Smith v. Angell, 18674

Decision Date26 March 1992
Docket NumberNo. 18674,18674
Citation830 P.2d 1163,122 Idaho 25
PartiesShawn SMITH, Individually, and as Personal Representative of the Estate of Kenneth E. Smith, and Jesse Smith, a Minor, by and through his Guardian, Sharon Smith, Plaintiffs-Respondents, v. Kayla ANGELL, a Minor, and Gary S. and Sondra Angell, husband and wife, and parents of Kayla Angell, Defendants-Appellants. Twin Falls, March 1991 Term
CourtIdaho Supreme Court

Reed, McClure, Moceri, Thonn & Moriarty, Seattle, Wash., and Kenneth E. Lyon, Jr., Pocatello, for defendants-appellants. William R. Hickman and Kenneth E. Lyon, Jr., argued.

Jones, Christensen, Jorgensen, Robison, Holmes & Robison, Pocatello, for plaintiffs-respondents. Jesse C. Robison argued.

BAKES, Chief Justice.

Defendants Kayla Angell, a minor, and her parents, Gary and Sondra Angell, appeal from the judgment entered against them in this wrongful death action brought by the estate of the deceased, Kenneth E. Smith, and his two children, Shawn and Jesse Smith. Plaintiffs' cross appeal was voluntarily dismissed.

On July 8, 1988, at approximately 6:45 p.m., Kenneth E. Smith was driving his motorcycle south, along the inside lane (next to the center turn lane) of Yellowstone Avenue, a four-lane street, in Pocatello, Idaho. Fifteen-year old Kayla Angell, who was driving her parents' 1979 pick-up truck with their permission, was leaving a fast food restaurant located on the west side of Yellowstone Ave. Before exiting the restaurant parking lot and entering Yellowstone Ave. to proceed north, Angell looked to her left (north) and observed a Ford Bronco coming south in the outside lane. She did not see Smith's motorcycle behind the Bronco in the inside lane because her view of it was obstructed by the Bronco. She then looked to her right (south), and saw traffic proceeding toward her along the outside northbound lanes of Yellowstone Ave. After the Bronco passed, and without looking again to her left, she entered Yellowstone Ave. and collided with Smith's motorcycle. Smith died a very short time after as a result of massive trauma to his chest sustained in the collision. A passenger on Smith's motorcycle was injured.

On May 8, 1989, Smith's estate and children filed a complaint for wrongful death, alleging that Kayla Angell's negligence caused the collision. The defendants filed an answer on July 25, 1989, denying negligence and affirmatively alleging that Smith had been contributorily negligent. The plaintiffs filed a motion for partial summary judgment, seeking a ruling that Angell was negligent per se and that Smith had no comparative negligence. The trial court denied the motion, concluding that a genuine issue of fact existed regarding both Smith's and Angell's negligence. The case proceeded to trial on February 26, 1990.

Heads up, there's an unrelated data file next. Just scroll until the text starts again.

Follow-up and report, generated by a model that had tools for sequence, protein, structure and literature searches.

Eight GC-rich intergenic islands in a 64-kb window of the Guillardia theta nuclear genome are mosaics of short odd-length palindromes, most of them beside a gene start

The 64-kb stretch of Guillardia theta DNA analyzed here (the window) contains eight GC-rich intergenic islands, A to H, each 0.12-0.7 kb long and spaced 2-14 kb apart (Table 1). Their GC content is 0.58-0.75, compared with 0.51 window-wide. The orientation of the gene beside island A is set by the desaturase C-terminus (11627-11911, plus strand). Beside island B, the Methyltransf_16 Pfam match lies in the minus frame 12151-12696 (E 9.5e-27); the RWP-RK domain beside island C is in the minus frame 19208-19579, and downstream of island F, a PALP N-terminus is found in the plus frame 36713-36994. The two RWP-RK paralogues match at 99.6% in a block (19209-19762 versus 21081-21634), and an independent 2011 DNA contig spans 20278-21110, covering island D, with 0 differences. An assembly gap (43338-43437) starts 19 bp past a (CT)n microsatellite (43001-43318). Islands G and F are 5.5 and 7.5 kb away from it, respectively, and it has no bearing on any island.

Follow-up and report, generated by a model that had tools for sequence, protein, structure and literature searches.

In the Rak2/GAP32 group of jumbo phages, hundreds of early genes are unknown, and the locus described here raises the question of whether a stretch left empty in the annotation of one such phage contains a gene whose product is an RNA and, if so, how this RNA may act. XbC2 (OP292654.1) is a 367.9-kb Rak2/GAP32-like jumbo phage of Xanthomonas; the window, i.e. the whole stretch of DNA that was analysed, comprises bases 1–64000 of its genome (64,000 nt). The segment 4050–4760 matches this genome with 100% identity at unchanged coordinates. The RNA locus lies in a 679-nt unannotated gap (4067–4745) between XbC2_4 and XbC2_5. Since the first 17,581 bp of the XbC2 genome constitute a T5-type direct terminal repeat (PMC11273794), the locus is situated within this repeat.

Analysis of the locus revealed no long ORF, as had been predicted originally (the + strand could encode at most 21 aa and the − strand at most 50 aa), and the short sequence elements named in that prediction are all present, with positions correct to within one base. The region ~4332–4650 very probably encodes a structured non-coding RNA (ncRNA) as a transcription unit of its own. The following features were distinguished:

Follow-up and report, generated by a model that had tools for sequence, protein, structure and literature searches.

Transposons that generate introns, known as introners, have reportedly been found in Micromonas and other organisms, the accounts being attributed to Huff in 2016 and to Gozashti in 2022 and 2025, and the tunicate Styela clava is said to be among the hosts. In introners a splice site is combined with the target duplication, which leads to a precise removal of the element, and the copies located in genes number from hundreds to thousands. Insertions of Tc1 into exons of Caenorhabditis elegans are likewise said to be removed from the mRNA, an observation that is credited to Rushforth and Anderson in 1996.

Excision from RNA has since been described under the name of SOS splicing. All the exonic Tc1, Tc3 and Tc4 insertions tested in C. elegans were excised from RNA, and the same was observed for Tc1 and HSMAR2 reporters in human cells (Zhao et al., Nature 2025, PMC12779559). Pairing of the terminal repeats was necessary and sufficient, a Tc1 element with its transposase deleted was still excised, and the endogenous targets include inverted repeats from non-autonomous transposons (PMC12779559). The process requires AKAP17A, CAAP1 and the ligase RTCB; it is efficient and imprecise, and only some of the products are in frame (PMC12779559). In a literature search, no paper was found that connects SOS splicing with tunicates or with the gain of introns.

At trial, the parties stipulated that Kenneth Smith was travelling below the speed limit of thirty-five miles per hour at the time of the collision and that the headlight of his motorcycle was turned on. They also stipulated that the Bannock Regional Medical Center toxicology reports concluded that Smith had not ingested alcohol or drugs the day of the collision.

The evidence was conflicting over whether Smith's motorcycle ran into the left front of the pickup or whether the pickup ran into the right front side of the motorcycle. Kayla Angell testified that she did not know exactly what happened because she did not see the motorcycle until after the collision occurred. The passenger riding with Smith on the motorcycle suffered injuries and could not even recall the accident. Both sides offered testimony of bystanders who were at the scene at the time of the accident and testimony of expert witnesses who presented theories of accident reconstruction and reaction times. The plaintiffs' expert testified that Angell ran into Smith, and, in his opinion, Smith had no opportunity to react to avoid Angell's vehicle. The defendants' expert testified that Smith ran into Angell and should have seen the truck in front of him and could have avoided the accident if he had been paying attention.

The jury returned a verdict for the plaintiffs, finding Angell one hundred percent at fault and no comparative negligence on Smith's part. The jury awarded a total of $325,766 to the plaintiffs. The district court awarded prejudgment interest on $100,000 of the verdict 1 and additional interest on the total jury award from the date of the special verdict to the date of the final judgment. The court also awarded the plaintiffs costs and attorney fees equal to twenty-five percent of the total jury award. The district court based its award of attorney fees on its conclusion that the defendants' refusal "to settle this matter for policy limits was frivolous, unreasonable and without foundation as was the defense offered by defendants in this matter."